Digital Marketing Strategy,

Audience Segmentation: How to Segment SaaS Customers Into LTV Cohorts


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To keep your SaaS business profitable, you need to continuously monitor the relationship between your customer lifetime value (LTV) to your customer acquisition cost (CAC). Ultimately, the lifetime value of a customer should be three times more than the cost of acquiring them.

So, how do you improve LTV:CAC ratios after arriving at an average LTV for all your customers?

For the majority of SaaS businesses, it all comes down to audience segmentation.

Let’s take a closer look at how to get started.

Segmenting Customers Into Cohorts: Where to Start

To start getting more granular LTV data, you will need to break the total pool of customers into cohorts.

Each user in a cohort must share a distinguishable trait that separates them from the other cohorts, such as a particular demographic, statistical, or product usage characteristic.

You could consider factors such as the user’s proficiency – from the beginner to intermediate to advanced. Or the country where the user is based, the product seats he’s using, or how actively he’s using the product.

When tackling cohort audience segmentation, remember to first consider the creative implications and how that could help you do a better job with value-based bidding.

Think About the Creative Implications of Audience Segmentation

Once you separate your trial users into cohorts with different lifetime values, you can really lean into remarketing campaigns to move them to paying customers.

Done well, remarketing can accelerate the buyer’s journey and help leads move through its different stages as seamlessly as possible. Effectively, to get the most out of your remarketing campaigns, you need to think about what different customer segments you can have different creative for.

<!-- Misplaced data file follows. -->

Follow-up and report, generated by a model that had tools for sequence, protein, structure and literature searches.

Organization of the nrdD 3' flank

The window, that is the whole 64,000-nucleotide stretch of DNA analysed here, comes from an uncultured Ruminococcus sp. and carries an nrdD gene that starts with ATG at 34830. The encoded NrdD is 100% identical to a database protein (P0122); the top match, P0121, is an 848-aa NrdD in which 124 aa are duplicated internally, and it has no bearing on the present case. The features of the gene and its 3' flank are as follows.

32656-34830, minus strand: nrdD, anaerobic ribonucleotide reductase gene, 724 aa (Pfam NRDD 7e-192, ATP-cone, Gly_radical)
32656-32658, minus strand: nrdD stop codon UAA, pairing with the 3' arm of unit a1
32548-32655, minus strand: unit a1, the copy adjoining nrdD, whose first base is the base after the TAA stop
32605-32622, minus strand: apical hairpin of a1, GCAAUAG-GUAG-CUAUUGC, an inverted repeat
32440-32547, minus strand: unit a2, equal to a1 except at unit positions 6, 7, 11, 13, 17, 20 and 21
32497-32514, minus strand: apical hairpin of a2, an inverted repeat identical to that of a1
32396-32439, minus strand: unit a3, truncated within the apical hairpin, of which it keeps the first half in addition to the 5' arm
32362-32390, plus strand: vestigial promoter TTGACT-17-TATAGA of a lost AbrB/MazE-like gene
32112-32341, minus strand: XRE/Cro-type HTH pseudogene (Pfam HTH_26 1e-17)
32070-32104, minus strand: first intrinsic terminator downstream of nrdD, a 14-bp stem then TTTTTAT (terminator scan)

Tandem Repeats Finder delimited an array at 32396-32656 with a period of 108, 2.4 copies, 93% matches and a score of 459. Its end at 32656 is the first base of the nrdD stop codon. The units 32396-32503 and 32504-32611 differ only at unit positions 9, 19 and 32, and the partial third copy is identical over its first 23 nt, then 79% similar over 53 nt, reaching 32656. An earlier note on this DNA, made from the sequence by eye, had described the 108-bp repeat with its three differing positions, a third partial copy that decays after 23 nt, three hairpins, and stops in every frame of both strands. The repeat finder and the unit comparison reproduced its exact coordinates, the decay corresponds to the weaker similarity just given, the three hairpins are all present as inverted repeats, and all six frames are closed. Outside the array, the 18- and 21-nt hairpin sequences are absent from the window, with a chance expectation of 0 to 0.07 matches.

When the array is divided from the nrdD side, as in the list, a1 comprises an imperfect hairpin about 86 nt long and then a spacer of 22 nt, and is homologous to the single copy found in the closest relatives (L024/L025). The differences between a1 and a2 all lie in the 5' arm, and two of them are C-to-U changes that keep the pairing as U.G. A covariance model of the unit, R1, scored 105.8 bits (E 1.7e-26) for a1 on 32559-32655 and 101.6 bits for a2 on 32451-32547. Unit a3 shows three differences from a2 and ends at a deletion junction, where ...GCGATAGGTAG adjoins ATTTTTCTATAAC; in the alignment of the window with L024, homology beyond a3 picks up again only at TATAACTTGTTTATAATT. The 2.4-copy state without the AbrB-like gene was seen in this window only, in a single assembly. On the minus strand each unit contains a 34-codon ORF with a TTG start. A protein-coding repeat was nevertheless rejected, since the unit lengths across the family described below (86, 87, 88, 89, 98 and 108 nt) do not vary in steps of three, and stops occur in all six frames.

For example, you could consider the user’s degree of proficiency and tailor your ad message to the specific cohort to help them use your product more efficiently. A hobbyist using your SaaS solution would have different pain points and goals than someone using it professionally.

You could also consider the country where the user is based. This would allow you to develop content in the local language and local references.

Look For a Wide Distribution of Value Within Each Cohort

Value-based bidding, or target ROAS, is quickly gaining traction within the SaaS industry. Because target ROAS lets you assign unique values to different types of conversion, Google’s algorithm can take a portfolio bidding approach across an entire group of campaigns.

As you get started with value-based bidding, remember to look for the dimensions among your users where data is most polarized, or widely dispersed. These could be geography, level of experience, industry, or role in the organization, for example.

The wider the range in expected value (from the low point to the high point in your chosen cohort dimension), the better you’ll be able to manage ROI for that cohort.

Why? Because value-based bidding for the acquisition of those users will have a clearer separation of values and will be able to bid more effectively and deliver more precise ROAS.

Consider this: the lifetime value of a beginner versus the lifetime value of an advanced user. As they are likely highly polarized, putting different LTV or total value against those different cohorts would allow value-based bidding to ultimately have a greater impact.

Get Started With Remarketing to Cohorts

Segmenting customers into LTV cohorts offers valuable context, helps you determine which behaviors to target, and enables you to tailor your messaging more closely to the buying cycle.

Executed well, audience segmentation can yield a few strong cohorts with high-value customers, giving you plenty of opportunities for ongoing engagement.

On a roll? Check out our blog and discover the most common remarketing mistakes SaaS businesses make (and how to avoid them).

Paris Childress
Paris Childress

CEO & Founder

My job is to match talented, motivated marketers with high growth companies, arm teams for success, then to get out of the way.

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